In the year to date, BEVs have increased registrations by 10.6% in the quarter, although the powertrain’s market share has stalled. It accounted for 15.5% of total deliveries in the first three months of the year, up by just 0.1pp.

Help needed

The SMMT is continuing to call on the government to help drive more private buyers into purchasing an all-electric model. According to the body, large fleets continue to drive BEV uptake, thanks to compelling tax incentives. However, a tough economic backdrop makes it challenging for consumers to invest the larger sums required in a new-vehicle purchase.

The UK has not had any purchase incentives for BEVs or plug-in hybrids (PHEVs) since the Plug-in Car Grant ended in June 2022. However, the market has remained on an upward trajectory since then. This is unlike other European countries, where the removal of incentives was followed by steep registration declines.

Yet the SMMT argues that more is needed to ensure future growth, as the powertrain tries to move beyond early adopters. Currently, a number of carmakers are offering incentives, perhaps driven by the need to meet ZEV mandate targets. However, these cannot continue indefinitely.

With vehicle excise duty (VED) applying to BEVs from next year, drivers could end up paying an extra £1,950. This is due to the ‘expensive car supplement’. Vehicles costing more than £40,000 will see an additional £390 applied to the flat rate of £190 for their second to sixth-years on the road. The SMMT estimates that at present, seven in 10 models would fall into this category.

‘Temporarily halving VAT on BEVs, revising the threshold for the expensive car supplement on VED next April, and abolishing the ‘pavement penalty’ on public EV charging by equalising VAT rates to 5% in line with home charging, would make a significant difference to consumers, helping more of them move to zero-emission vehicles sooner,’ the SMMT stated. 

Petrol pulls ahead

Once again, the dominant powertrain in the UK was petrol, which led to registrations in March thanks to a 9.2% increase. This meant 177,019 units took to the roads, representing 55.7% of all deliveries in the month.

The SMMT combines mild-hybrids (MHEVs), which cannot travel any distance on electric power alone, with their respective fuel. This can distort the figures when compared with other European markets, which either spin out MHEVs into their own category or combine them with full hybrids (HEVs).

In the first quarter of the year, petrol registrations improved by 9.4%, with 306,925 units delivered. This is far ahead of the closest competitor, BEVs, highlighting the dominance of the drivetrain. Yet the 56.3% market share across the first three months of the year has fallen, by 0.5pp.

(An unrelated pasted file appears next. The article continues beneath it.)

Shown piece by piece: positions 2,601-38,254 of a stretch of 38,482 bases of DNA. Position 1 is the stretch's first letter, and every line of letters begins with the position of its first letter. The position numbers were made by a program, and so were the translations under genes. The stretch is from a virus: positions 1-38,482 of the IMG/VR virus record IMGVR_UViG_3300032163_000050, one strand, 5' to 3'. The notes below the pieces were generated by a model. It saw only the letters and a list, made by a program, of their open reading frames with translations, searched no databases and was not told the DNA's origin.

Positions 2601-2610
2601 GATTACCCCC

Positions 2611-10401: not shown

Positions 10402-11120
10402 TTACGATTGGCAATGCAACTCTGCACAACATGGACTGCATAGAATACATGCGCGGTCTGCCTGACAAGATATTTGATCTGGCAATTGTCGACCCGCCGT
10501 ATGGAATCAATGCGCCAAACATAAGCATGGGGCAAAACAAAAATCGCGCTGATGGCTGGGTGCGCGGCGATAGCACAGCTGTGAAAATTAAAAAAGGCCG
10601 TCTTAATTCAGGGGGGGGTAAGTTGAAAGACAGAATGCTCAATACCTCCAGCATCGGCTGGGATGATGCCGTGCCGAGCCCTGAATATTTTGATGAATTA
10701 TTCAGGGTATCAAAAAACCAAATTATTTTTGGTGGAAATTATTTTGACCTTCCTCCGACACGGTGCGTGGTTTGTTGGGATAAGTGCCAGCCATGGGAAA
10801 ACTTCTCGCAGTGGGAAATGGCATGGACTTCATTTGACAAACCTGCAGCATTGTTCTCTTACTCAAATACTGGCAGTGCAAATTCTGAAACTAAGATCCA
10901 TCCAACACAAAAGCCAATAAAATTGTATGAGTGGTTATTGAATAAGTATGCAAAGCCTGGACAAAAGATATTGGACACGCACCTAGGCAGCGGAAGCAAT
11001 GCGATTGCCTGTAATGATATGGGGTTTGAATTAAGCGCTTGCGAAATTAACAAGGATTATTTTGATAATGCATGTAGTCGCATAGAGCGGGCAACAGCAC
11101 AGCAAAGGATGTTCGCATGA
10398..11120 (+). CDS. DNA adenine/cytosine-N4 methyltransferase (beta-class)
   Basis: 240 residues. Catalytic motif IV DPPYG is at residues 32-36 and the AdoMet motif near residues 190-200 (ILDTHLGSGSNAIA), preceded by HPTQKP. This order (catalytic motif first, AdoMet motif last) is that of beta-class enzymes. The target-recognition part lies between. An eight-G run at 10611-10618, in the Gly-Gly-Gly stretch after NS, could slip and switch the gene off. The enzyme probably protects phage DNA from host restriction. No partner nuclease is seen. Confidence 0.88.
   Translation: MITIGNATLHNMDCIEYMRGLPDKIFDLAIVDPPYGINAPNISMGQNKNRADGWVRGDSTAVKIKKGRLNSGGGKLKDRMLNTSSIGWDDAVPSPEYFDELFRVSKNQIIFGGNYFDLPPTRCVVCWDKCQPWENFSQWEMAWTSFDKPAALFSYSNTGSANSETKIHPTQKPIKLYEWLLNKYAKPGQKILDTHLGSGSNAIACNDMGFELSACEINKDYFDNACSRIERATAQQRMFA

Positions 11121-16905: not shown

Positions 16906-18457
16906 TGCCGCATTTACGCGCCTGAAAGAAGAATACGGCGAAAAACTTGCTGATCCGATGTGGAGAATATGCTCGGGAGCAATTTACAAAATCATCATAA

Therefore, registrations in March show that the market is still embracing petrol. Yet its internal-combustion engine (ICE) counterpart is not doing so well. Diesel fell 2.7% in the month. While this might suggest a slowdown in the diesel collapse, just 23,312 units were registered. This was the lowest total of all propulsion technologies and just 7.3% of the market.

Year-to-date figures show the diesel sector fell by 5.3%. March was the technology’s best volume month, but just 37,655 units were delivered between January and March, giving it a 6.9% market share. Still, with a combined 63% market share, it seems the UK may take some time to break its ICE dependence.

Hybrids heading forward

Full-hybrid vehicle (HEV) uptake reached record levels in March, with a 19.6% increase in registrations equating to 44,550 units. This helped the technology take a 14% market share improving on its 12.9% share from a year ago.

Across the first three months of the year, HEVs improved their deliveries by 12.5%, with a 13.6% market share only marginally better than the first quarter of 2023 (13.3%).

The best performance in March came from PHEVs. Registrations improved by 36.7%, albeit on lower totals, with 24,517 units. However, this was enough to push their market share up by 1.5pp to 7.7%.

At the same point last year, the powertrain was some way behind diesel, and languishing at the bottom of the powertrain charts. So far this year it is ahead of its ICE rival, although still some way behind HEVs, BEVs and petrol.

In the year-to-date, the market was up by 34%, as 42,559 units took to the roads. This gives the powertrain a 7.8% market share, up by 1.4pp.